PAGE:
This article by homosexual activist Michelangelo Signorili criticizes the editors of Advocate magazine–a homosexual activist journal–for putting Pope Francis on their cover as person of the year. Signorili writes,
But mostly, this was idiotic. Pope Francis is a lot of things to many people in the world. But he is not our hero of the LGBT community in 2013. Can we please get a grip, folks? Are we that starved for validation?
Pope Francis’ statements of the past, which he’s never repudiated, and the doctrine of his church, are horrendously homophobic. As Cardinal Jorge Mario Bergoglio in Argentina three years ago, he called gay marriage the work of the devil and said it was “a destructive attack on God’s plan.” And his recent statements, saying church leaders are too “obsessed” with the issue of gay marriage, and that he can’t pass judgement a gay priest, while very encouraging, do not in any way take back those statements.
He goes on to claim that Pope Francis is really more pro-gay than he lets on, but that he has toed the line in order to make it to the top of the Catholic Church.
I believe he made those horribly anti-gay statements just to keep his job, as Argentina was embarking upon gay marriage and he was expected to rail against it, and it was the only way to advance in Benedict’s Vatican. And it worked. But what does that actually say about Francis? That he’s a pretty shrewd politician who says what he has to, even if it means horribly attacking a minority, in order to win — not much different from some in the current Republican Party. And does being secretly pro-gay really count? Aren’t we past that?
We should stop and take a deep breath. Why is Pope Francis not speaking out more against what Catholics see as moral evils? Because he realizes that a real commitment to a Catholic understanding of marriage and sexuality is built on a real understanding and acceptance of the Catholic understanding of the human person, and that the Catholic understanding of the human person springs from a deep understanding and acceptance of the Catholic understanding of the human person’s relationship with God and this understanding can only be had through repentance and conversion.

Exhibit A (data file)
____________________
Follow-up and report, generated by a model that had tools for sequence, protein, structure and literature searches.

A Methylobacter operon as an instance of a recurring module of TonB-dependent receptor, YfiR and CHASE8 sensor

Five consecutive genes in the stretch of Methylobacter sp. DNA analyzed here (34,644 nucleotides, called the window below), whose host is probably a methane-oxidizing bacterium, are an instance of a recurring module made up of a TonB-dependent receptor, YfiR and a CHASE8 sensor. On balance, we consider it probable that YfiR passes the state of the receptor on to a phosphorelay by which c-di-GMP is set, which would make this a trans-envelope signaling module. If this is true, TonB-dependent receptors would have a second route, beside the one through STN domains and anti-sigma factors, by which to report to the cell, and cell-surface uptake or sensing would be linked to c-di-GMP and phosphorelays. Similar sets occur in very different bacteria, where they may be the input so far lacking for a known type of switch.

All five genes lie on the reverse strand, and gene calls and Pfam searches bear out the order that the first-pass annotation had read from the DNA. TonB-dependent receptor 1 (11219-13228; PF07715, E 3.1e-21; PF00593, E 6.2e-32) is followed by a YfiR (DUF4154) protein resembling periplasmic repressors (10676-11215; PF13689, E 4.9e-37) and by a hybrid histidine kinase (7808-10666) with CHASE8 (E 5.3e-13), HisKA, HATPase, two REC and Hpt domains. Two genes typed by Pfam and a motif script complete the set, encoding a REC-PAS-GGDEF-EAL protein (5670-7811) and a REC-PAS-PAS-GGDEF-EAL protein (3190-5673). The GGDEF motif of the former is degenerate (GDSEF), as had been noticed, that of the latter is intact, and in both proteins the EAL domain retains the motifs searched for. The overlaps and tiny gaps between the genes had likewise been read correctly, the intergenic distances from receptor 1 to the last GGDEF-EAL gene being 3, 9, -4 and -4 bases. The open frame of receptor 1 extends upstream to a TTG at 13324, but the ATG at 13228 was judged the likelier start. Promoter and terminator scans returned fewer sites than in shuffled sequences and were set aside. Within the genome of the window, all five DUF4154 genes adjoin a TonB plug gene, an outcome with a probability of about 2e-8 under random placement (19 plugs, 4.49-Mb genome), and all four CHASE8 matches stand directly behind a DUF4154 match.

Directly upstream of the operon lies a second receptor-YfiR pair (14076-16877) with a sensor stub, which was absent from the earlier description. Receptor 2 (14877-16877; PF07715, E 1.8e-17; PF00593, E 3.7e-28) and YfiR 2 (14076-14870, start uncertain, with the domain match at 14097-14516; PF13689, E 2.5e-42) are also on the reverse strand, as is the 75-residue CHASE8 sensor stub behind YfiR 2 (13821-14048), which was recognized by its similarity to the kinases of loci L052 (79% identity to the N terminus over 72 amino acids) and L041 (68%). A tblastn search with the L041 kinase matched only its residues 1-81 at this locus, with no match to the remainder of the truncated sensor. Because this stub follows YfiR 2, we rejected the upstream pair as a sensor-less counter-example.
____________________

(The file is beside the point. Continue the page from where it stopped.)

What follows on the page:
Why are Christians today battling against same sex marriage? We should be clear, this is not simply a battle against same sex marriage. It is a battle FOR Christian marriage, but you see most of us threw in the towel on that first battle long ago. For some time now we’ve turned a blind eye to fornication and adultery and re-marriage after divorce and contraception. We’ve been relaxed about homosexuality and promiscuity and pornography and prostitution for a long time. We may not have liked these things and we told ourselves we didn’t do such nasty things, but we didn’t want to judge, so it’s been a marriage free for all in our society –and among the majority of Catholics ever since most Catholics decided to thumb their nose at Humane Vitae.
Why should Catholics be up in arms over same sex marriage when they have quietly done their own thing marriage wise for the last fifty years? Furthermore, why should those outside the church listen to what we have to say? Why would there necessarily be any connection? Oh yes, I realize it’s the natural law and it applies to everyone and so forth, but we can’t expect others to hear that message.
That’s why I don’t write or campaign against homosexuality or same sex marriage. The moral compass has been lost. People will do whatever they will. All I can do is welcome and accept all people as Christ and try to live by the teachings of my church. I will try to help explain the Catholic viewpoint with clarity and compassion as I am able. When I deal with homosexual persons I will treat them as human persons and not define them by their sexuality. They’re bigger than that. If I can help them or minister to them in any way I will do so as I am able. I trust this same attitude of open and mature acceptance is what is behind Pope Francis’ now famous, “Who am I to judge?” comment.
Within the whole context I will try to help people build strong Catholic marriages and help young people understand what marriage is and what it is for, realizing that for the foreseeable future, when it comes to marriage, conservative Christians will seem like quaint reactionaries who may even be dangerous.